- Residents and business owners near Gatlinburg allowed to return to their properties
- Fire began on November 27 and spread to 17,000 acres
Additional charges are being considered, 4th District Attorney General James Dunn said, including the possibility of seeking a transfer to adult criminal court.
He said the youths were from Tennessee, but not from Sevier County, where the fires started. Neither their ages nor genders were released.
Fourteen people lost their lives in the fires and more than 175 more were injured, according to officials. Residents and visitors to the resort-heavy area were among the dead.
The so-called Chimney Tops and Cobbly Nob
fires gnawed away more than 17,000 acres and 2,460 structures, scorching homes, cabins and churches along a fiery path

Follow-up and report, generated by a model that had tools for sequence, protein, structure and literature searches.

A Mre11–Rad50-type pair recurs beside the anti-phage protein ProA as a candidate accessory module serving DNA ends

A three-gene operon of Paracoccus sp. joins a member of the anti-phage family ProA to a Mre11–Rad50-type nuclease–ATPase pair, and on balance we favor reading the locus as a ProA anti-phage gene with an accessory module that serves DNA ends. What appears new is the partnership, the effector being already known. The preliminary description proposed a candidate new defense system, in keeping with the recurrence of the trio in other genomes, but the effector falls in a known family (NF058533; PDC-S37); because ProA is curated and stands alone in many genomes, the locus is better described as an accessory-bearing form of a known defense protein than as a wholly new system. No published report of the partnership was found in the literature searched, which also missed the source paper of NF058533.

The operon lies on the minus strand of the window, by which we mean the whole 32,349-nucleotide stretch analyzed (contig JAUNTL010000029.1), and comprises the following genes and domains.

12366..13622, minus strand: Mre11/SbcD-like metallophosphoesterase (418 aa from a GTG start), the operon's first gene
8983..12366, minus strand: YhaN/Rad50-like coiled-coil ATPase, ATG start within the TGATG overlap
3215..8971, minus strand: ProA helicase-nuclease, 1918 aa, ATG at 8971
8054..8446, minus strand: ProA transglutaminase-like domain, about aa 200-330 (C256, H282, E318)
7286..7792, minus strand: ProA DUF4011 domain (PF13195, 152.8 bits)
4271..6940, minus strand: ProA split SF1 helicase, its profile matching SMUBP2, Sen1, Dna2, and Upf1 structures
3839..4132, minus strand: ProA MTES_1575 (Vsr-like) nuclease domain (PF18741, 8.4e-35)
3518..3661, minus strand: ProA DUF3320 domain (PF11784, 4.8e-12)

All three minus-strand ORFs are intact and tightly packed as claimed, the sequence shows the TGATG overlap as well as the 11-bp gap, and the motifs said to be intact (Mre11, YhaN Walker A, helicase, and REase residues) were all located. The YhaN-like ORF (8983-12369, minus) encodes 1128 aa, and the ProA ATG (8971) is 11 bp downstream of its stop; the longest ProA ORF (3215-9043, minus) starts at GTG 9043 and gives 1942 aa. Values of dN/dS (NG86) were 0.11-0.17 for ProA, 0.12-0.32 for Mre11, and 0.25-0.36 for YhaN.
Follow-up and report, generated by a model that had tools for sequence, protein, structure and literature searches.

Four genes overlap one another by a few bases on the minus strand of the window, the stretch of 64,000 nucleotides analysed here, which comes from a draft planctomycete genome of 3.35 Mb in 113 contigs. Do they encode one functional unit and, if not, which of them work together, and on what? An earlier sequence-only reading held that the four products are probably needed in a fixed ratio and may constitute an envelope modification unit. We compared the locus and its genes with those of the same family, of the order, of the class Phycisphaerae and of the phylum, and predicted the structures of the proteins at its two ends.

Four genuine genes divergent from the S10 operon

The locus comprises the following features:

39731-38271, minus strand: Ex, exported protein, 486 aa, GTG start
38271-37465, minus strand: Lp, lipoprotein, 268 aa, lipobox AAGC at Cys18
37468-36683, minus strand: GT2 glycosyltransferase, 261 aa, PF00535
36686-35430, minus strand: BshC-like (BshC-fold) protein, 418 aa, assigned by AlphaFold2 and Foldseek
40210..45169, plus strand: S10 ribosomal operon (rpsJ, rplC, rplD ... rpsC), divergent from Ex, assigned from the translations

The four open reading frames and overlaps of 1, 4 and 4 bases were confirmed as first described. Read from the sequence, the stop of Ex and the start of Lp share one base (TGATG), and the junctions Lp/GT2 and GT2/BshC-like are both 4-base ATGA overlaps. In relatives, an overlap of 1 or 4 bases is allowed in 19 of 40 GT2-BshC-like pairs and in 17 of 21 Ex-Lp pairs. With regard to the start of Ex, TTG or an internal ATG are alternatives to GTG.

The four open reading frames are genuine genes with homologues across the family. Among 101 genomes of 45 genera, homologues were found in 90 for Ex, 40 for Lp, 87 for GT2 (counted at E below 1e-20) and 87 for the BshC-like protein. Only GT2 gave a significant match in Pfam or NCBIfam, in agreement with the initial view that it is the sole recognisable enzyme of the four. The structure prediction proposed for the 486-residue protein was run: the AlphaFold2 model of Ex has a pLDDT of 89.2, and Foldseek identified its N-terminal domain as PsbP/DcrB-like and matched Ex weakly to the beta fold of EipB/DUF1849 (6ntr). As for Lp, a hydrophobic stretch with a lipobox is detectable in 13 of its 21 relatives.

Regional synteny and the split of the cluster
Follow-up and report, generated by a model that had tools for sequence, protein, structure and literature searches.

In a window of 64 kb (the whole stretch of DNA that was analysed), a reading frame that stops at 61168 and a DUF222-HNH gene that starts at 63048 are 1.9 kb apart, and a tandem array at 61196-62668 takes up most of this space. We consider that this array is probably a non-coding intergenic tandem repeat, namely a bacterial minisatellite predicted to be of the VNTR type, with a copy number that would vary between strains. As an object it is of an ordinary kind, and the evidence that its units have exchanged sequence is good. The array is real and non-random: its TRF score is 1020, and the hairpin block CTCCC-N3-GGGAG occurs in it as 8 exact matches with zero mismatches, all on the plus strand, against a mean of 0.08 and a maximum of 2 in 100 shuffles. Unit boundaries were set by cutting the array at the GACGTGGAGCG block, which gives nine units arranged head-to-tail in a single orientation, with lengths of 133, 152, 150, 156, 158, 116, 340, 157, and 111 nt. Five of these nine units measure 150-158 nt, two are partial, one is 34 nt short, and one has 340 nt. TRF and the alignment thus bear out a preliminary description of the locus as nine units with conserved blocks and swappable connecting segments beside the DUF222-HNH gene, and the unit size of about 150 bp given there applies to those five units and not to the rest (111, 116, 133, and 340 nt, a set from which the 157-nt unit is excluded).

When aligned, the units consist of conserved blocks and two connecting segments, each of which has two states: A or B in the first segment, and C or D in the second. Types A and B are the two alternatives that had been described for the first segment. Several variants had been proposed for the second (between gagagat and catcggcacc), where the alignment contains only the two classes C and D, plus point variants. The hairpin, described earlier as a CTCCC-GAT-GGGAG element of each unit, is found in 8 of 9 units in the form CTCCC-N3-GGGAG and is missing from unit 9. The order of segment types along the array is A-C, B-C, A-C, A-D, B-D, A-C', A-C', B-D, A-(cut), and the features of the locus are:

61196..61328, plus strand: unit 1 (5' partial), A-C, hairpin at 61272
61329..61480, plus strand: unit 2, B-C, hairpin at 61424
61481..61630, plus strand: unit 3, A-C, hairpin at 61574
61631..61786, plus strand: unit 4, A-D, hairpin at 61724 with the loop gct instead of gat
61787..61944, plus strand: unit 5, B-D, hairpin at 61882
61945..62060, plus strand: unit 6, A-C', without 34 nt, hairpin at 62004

through Sevier County.
Residents and business owners affected by the Gatlinburg fires were being allowed to return to their properties on a full-time basis Wednesday morning, according to a news release from the wildfire joint information center.
The area is a popular tourist destination in eastern Tennessee, home to the Dollywood amusement park and the resort town of Pigeon Forge.
Recent heavy rains helped extinguish much of the fire. As of Wednesday, the fire was 82% contained, fire officials reported.
"Even though the fire is not 100% contained, the areas opening to the public have been deemed safe," a report on the InciWeb website said.